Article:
Unravelling the Numbing Grip of Functional Freeze: Reconnecting with Wants, Needs, and Emotions After Trauma

People holding hands, representing connection after functional freeze.

Functional freeze is when we become numb to emotions, sensations, and needs as a result of overwhelm, chronic stress, or emotional exhaustion. It occurs when we learn to disconnect from ourselves and disengage with the stress so the ‘shutdown’ freeze response becomes our main operating default when stress hits a certain level.

Externally, we may seem capable, fulfilling obligations, socialising, and maintaining a façade of normalcy. Yet internally, we’re merely going through the motions, driven solely by survival instincts. Our brains and nervous systems operate on primal impulses, accompanied by an ever-present undercurrent of anxiety. For some, this state becomes so entrenched that we forget it’s not permanent; there’s hope for change beyond this survival mode.

What is Functional Freeze?

Functional freeze refers to a state in which individuals remain capable of performing tasks and functioning in daily life, despite being stuck in a physiological response similar to the freeze reaction observed in animals under extreme stress or threat. This response is closely tied to the concept of the dorsal vagal complex within the autonomic nervous system.

The autonomic nervous system (ANS) regulates various involuntary bodily functions, including heart rate, digestion, and respiratory rate. It consists of three branches: the sympathetic nervous system (SNS), the parasympathetic nervous system (PNS), and the enteric nervous system (ENS).

Dorsal Vagal Shutdown 

The dorsal vagal complex is a component of the parasympathetic nervous system. It plays a crucial role in regulating bodily functions during periods of rest, relaxation, and safety. However, when an individual perceives a threat as overwhelming or inescapable, the dorsal vagal complex can trigger a response known as the “shutdown” or “freeze” response.

During a freeze response, the dorsal vagal complex reduces metabolic activity, heart rate, and blood pressure. This physiological state is characterised by immobility, disengagement, and a sense of detachment from the environment. While this response can be adaptive in situations of extreme danger, such as facing a predator, it becomes problematic when individuals remain stuck in this state for prolonged periods.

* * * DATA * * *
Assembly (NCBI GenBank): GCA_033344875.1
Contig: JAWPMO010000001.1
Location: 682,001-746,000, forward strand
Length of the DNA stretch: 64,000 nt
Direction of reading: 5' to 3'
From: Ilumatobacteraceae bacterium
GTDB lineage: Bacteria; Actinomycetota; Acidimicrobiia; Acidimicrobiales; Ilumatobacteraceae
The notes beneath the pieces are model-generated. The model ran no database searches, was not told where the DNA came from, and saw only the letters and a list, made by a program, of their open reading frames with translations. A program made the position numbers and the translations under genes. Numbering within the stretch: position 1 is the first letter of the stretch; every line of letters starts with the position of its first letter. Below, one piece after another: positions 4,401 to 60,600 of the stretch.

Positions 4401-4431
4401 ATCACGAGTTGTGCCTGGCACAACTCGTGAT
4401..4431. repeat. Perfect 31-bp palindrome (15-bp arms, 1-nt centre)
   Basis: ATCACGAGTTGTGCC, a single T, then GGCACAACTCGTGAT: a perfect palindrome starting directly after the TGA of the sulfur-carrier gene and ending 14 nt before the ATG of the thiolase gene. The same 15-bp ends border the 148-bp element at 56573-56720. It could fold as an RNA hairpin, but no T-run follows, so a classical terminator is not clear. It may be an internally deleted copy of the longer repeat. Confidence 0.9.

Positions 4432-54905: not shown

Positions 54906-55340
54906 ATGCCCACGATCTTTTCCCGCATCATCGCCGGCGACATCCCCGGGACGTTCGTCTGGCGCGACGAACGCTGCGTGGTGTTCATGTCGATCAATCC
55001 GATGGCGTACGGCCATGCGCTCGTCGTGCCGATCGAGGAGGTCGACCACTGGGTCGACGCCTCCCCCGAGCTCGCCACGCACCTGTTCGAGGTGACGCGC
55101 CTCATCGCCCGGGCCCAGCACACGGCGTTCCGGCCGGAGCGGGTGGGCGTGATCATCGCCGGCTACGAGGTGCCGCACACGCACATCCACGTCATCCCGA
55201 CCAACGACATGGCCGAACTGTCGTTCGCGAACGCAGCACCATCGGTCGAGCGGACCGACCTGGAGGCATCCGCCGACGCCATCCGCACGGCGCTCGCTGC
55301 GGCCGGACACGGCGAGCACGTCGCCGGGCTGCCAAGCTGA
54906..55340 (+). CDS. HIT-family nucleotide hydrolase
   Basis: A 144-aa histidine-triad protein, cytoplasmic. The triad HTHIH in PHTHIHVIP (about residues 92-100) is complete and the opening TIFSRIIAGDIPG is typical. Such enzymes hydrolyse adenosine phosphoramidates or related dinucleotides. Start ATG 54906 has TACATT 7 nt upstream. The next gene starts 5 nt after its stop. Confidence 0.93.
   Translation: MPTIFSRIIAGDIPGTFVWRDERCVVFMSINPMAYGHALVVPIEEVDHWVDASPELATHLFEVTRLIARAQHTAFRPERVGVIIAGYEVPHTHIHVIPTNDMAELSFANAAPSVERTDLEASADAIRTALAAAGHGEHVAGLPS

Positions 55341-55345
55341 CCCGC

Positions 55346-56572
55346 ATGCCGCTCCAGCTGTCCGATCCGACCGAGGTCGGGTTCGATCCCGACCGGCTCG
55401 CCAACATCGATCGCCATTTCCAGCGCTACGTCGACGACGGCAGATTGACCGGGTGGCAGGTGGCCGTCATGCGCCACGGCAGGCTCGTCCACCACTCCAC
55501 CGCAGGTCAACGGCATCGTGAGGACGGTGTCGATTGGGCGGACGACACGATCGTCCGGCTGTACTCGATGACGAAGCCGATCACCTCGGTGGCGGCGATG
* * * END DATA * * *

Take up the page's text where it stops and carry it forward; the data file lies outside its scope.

Functional freeze occurs when individuals experience a persistent freeze response, often as a result of chronic stress, trauma, or unresolved emotional issues. Despite appearing functional on the surface, individuals in a functional freeze may struggle with symptoms such as numbness, dissociation, reduced emotional responsiveness, and difficulties in forming meaningful connections with others. This can impact all areas of life, from relationships to employment and achieving goals.

What Causes Functional Freeze?

Functional freeze states can happen when you’ve been carrying stress or trauma in the body. As your nervous system starts to get overloaded signs of burnout and shutdown creep in.

Thanks to our autonomic nervous system, mammals have developed a response mechanism where, when faced with a threat and unable to fight or flee, they enter a state of freeze.

This freeze response serves as a vital survival strategy, offering protection under acute stress. However, prolonged periods spent in this state can pose challenges. While the freeze response is designed to be momentary, individuals often find themselves persistently engaging in activities, such as pushing themselves, seeking approval, and overworking, effectively overriding their natural physiological responses.

Humans possess a remarkable capacity for adaptation, sometimes to the detriment of their well-being. Many individuals live semi-functional lives, experiencing varying degrees of the freeze response without realising it. Although they may appear numb, disconnected, and disengaged from their bodily sensations, emotions, and vitality, this state is often perceived as normal.